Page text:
The world breathed a collective sigh of relief on Monday as the Ever Given, a colossal container ship, was freed from the Suez Canal. But we shouldn't celebrate just yet. The Ever Given brought traffic through one of the world's busiest shipping corridors to a halt for almost a week, at a cost of roughly $10 billion a day.
Every day the Ever Given blocked the Canal compounded the problem as containers already booked on future voyages sat in stranded ships and supply chains began to break down. The US Department of Defense has offered to help in the recovery, and that assistance should include addressing Suez security more broadly. The Ever Given can serve as a wake-up call to bring the canal's security architecture into the 21st century and ensure that it continues to fulfill its historic role as the vital channel between Europe, Africa and Asia.
While proposals for physical upgrades to the Suez are already being proffered, a less-discussed issue is that the current legal architecture governing the Suez is hopelessly antiquated and new mechanisms are needed to deal with modern vessels and potential threats. The Convention of Constantinople that regulates the canal's traffic has been in place since 1888 (even after former Egyptian President Gamel Abdel Nasser nationalized the Suez in 1956) on the premise that the canal is such a collective good, no one would be foolhardy enough to try to harm it, and it should therefore simply be kept open to all properly flagged and insured vessels, regardless of origin.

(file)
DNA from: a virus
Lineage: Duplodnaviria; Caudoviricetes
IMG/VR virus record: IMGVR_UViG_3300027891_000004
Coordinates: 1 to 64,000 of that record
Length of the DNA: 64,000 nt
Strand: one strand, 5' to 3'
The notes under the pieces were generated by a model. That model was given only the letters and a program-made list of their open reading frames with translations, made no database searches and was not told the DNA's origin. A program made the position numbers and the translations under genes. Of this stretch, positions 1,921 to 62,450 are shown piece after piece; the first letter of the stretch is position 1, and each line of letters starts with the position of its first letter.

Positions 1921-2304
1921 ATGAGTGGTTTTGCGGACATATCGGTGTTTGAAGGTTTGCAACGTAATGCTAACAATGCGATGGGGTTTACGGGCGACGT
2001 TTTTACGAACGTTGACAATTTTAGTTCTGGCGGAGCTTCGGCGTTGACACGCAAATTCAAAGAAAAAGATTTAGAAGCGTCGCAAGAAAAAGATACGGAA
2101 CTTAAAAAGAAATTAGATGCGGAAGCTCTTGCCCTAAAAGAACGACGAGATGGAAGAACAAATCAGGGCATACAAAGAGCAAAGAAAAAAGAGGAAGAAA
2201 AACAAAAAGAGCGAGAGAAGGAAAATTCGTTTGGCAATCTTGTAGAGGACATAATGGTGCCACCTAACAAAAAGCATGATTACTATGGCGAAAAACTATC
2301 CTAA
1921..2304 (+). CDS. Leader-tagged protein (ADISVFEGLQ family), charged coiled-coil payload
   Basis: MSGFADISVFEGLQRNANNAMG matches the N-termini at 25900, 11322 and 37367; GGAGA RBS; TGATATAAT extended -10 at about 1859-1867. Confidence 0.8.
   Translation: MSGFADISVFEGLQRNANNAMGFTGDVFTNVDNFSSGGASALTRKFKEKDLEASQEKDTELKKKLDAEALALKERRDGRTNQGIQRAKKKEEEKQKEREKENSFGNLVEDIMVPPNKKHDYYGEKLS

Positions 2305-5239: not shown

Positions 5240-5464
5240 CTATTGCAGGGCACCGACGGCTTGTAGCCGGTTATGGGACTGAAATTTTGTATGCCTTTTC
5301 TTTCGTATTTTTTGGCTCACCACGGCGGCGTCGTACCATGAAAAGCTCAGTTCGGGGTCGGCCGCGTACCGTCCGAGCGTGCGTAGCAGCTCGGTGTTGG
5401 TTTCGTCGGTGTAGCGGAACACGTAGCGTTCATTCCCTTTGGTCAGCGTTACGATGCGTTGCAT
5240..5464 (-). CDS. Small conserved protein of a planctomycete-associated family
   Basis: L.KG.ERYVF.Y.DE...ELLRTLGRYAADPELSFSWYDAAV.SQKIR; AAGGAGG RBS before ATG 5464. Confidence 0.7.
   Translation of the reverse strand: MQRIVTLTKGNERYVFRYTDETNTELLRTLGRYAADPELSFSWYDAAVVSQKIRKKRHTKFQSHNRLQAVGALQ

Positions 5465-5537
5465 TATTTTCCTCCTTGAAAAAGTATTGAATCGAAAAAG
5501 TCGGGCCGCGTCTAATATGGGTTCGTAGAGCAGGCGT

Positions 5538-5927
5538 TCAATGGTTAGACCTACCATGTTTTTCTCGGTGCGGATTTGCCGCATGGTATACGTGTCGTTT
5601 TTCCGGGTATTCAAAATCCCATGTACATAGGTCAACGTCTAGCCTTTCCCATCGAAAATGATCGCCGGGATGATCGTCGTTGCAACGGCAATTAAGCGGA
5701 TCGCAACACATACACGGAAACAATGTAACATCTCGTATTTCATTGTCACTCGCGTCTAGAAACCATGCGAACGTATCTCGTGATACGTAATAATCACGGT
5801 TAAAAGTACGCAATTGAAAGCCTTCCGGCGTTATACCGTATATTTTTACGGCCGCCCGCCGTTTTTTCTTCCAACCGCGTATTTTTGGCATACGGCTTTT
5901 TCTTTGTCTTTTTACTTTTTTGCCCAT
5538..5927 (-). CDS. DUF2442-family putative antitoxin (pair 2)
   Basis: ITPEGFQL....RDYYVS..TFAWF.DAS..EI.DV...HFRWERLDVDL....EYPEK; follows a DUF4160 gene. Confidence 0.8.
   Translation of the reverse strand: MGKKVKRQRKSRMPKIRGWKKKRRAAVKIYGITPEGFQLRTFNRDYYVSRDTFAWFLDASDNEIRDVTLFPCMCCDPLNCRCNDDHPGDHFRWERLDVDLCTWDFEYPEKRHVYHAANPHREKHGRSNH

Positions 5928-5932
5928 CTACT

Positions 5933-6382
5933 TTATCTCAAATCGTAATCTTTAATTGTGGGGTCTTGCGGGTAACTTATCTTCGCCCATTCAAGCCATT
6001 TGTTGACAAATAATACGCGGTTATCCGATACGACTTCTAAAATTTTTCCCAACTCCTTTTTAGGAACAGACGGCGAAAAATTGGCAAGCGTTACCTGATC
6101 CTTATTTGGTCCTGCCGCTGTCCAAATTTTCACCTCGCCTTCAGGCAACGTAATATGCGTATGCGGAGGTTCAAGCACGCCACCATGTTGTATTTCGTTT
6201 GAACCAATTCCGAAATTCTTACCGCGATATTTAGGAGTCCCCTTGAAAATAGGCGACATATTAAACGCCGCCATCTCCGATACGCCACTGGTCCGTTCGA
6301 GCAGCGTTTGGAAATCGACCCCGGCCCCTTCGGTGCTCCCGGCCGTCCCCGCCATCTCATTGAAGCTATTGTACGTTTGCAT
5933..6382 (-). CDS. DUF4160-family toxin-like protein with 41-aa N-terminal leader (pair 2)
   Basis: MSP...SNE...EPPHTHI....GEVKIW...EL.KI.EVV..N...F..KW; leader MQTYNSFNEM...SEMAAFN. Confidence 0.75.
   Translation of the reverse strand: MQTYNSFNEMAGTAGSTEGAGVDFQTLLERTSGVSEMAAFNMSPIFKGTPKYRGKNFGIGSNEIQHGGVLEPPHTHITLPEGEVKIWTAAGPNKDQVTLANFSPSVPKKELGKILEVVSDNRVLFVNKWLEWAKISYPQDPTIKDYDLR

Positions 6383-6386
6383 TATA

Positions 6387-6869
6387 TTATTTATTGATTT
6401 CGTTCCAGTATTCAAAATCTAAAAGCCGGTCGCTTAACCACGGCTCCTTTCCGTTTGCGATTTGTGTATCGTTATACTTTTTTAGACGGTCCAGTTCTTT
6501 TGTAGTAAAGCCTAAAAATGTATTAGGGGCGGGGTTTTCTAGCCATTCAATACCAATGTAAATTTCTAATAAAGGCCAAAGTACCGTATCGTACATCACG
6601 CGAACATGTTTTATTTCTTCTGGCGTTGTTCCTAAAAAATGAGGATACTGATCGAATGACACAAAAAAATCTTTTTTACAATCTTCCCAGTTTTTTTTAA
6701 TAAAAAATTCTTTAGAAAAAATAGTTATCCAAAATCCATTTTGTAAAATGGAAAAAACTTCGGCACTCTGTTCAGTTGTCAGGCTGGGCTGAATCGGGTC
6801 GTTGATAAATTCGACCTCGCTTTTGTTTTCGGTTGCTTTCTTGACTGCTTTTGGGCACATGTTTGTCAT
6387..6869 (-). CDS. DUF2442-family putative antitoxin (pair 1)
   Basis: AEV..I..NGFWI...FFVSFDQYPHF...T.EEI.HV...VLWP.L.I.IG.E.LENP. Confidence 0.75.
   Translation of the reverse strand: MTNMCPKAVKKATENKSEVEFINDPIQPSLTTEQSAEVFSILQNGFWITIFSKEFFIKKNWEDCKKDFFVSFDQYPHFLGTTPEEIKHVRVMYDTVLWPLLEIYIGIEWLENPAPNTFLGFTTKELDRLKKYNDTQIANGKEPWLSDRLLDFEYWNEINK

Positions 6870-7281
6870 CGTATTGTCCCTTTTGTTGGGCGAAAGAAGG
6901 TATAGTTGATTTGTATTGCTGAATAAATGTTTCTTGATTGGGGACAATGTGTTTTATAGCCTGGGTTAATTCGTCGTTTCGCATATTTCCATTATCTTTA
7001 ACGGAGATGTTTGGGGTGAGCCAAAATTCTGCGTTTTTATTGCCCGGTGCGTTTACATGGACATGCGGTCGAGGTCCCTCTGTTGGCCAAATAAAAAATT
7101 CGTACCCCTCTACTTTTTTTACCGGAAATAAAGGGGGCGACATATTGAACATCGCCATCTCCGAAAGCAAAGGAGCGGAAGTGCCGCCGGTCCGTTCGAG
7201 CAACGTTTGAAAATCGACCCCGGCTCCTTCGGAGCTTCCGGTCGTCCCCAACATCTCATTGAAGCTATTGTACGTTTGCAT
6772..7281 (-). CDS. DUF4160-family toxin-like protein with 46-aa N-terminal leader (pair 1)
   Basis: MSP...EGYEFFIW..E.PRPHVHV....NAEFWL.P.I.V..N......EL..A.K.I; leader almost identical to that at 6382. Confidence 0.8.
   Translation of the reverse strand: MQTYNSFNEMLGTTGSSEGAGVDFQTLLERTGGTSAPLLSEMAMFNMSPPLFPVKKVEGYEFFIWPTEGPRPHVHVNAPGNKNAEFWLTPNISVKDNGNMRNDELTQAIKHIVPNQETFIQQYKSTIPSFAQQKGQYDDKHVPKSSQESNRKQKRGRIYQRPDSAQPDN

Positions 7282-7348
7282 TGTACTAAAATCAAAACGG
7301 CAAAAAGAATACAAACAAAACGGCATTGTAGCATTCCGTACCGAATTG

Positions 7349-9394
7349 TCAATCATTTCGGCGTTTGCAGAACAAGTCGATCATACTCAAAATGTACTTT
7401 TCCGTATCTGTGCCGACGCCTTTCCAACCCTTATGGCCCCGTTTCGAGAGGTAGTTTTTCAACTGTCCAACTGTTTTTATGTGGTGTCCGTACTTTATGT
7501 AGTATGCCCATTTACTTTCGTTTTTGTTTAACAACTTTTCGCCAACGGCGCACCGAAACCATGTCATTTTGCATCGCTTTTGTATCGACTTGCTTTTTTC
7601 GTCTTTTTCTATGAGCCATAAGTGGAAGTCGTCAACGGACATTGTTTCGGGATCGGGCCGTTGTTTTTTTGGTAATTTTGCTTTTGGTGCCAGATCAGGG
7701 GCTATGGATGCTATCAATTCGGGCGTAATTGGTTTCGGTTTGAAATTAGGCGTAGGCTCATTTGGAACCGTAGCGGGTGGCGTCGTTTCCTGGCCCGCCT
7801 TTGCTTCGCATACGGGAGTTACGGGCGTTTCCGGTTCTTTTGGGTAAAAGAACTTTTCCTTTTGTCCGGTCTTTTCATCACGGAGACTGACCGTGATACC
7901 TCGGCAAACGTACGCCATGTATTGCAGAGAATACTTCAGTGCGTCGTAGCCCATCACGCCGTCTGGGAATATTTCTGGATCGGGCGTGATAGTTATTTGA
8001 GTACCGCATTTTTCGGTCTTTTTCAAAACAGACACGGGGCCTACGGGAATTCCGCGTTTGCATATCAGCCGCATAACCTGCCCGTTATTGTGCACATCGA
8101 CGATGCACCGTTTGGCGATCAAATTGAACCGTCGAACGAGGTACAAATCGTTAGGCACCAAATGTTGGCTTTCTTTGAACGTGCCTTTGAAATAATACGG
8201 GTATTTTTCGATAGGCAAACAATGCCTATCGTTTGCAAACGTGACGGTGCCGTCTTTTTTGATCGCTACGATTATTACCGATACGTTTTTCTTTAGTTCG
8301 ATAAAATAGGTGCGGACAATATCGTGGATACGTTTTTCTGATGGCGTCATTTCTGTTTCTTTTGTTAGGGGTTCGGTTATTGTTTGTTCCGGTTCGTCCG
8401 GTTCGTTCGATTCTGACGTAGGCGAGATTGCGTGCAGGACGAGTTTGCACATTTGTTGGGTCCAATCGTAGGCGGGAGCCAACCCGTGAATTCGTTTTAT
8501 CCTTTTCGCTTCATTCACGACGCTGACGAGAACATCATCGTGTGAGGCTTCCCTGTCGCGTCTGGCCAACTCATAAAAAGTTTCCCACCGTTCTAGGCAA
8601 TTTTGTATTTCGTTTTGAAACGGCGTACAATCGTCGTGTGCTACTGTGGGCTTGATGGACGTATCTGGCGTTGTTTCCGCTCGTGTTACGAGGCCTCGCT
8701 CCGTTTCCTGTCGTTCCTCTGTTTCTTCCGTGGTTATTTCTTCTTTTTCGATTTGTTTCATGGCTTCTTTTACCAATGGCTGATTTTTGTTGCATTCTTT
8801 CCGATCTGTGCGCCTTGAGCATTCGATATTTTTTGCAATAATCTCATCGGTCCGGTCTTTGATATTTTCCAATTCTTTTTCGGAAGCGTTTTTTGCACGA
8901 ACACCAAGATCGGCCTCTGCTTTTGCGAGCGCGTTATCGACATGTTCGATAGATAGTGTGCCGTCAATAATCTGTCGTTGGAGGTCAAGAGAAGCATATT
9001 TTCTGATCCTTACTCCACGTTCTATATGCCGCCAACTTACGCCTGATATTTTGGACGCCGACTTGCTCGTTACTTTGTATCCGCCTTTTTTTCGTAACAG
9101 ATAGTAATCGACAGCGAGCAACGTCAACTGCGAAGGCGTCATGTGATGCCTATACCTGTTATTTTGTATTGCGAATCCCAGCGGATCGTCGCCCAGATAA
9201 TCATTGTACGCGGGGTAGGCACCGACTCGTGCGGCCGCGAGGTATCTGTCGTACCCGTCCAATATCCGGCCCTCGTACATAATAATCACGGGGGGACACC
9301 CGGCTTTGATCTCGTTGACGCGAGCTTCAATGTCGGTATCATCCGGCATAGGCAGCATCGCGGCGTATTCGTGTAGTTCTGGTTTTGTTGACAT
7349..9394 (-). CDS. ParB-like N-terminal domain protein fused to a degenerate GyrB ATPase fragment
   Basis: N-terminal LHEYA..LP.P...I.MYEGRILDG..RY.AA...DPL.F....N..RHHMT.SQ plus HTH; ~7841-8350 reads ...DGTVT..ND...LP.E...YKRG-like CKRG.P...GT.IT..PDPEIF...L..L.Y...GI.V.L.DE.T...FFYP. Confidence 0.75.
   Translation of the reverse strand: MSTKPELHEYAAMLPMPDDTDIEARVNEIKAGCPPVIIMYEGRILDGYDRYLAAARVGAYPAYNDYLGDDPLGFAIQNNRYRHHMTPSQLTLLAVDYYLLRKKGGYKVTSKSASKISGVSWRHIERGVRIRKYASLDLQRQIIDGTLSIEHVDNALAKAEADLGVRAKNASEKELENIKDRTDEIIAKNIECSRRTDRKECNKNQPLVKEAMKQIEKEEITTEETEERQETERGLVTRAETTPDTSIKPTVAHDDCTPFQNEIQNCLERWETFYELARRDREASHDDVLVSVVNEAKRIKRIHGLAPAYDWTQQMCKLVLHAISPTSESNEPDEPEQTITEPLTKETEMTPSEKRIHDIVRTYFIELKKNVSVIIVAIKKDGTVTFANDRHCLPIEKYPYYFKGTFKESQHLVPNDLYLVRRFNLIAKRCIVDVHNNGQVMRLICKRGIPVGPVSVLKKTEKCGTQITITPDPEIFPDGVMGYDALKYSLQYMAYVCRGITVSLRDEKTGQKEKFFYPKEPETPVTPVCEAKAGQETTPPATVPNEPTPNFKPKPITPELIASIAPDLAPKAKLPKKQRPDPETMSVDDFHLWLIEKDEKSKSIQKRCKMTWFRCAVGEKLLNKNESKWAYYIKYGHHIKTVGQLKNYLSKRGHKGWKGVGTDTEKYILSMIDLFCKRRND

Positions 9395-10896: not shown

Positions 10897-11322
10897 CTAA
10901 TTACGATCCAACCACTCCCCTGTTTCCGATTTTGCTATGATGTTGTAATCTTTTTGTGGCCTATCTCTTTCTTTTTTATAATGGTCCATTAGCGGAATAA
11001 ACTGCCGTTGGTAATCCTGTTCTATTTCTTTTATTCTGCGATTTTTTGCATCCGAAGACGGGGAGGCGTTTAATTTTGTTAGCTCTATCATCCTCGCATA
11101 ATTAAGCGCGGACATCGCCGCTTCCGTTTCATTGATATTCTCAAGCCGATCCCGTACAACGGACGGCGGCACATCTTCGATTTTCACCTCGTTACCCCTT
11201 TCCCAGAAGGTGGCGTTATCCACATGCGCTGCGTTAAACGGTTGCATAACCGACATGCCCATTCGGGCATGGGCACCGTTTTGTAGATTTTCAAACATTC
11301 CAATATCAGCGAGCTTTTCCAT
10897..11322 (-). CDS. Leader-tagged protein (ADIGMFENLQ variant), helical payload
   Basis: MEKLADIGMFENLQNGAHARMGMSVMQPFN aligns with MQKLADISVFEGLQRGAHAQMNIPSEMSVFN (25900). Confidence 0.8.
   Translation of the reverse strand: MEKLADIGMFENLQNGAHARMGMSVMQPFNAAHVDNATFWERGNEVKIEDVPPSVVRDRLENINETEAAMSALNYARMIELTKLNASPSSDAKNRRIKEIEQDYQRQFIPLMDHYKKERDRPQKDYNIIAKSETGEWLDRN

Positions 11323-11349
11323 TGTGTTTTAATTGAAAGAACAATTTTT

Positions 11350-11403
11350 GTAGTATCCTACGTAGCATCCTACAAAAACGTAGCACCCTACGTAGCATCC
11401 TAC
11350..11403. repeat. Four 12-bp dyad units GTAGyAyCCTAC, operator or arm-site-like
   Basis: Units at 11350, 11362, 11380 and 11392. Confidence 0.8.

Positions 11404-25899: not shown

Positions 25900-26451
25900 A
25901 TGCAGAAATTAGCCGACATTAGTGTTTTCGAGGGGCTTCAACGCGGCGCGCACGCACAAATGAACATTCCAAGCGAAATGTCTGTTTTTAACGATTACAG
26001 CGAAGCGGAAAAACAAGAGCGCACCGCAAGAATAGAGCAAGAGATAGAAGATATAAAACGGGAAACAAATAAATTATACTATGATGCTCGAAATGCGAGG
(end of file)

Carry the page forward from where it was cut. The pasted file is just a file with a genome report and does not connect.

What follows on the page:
This admirable premise has unfortunately encouraged a passive rather than proactive security posture inadequate to the 21st century. That's especially concerning as hostile actors such as Iran and its terrorist proxies have demonstrated their willingness to attack civilian infrastructure while playing fast and loose with what should be the norms of international shipping, such as keeping a vessel's GPS on at all times.
Rather than having our hands collectively tied by the Convention's minimalist approach, we should use more modern authorities already in place that would allow the US and Egypt to lead a new effort to leverage the collective strength of their partners and allies to secure the Suez Canal against threats ranging from terrorist and cyber attacks to accidental blockages.
One such authority would be the International Maritime Organization Code, which could be applied in conjunction with regulations such as United Nations Security Council Resolutions 1772 and 1816. Those resolutions, created in response to a rising piracy threat, would be applicable to this case because they authorize international cooperation for collective security in the region.
The US can also assist by expanding the scope of the International Maritime Security Construct, more routinely known in the US as the Combined Task Force Sentinel. The Task Force was established in July 2019 to defend against Iranian piracy and terrorism in and around the Straits of Hormuz and Bab el-Mandeb. It should now include the Suez Canal Zone in coordination with the Egyptian Army (which secures the Zone) and the Suez Canal Authority (which oversees logistics and payment), welcoming participation from all nations that depend upon preservation of maritime trade routes.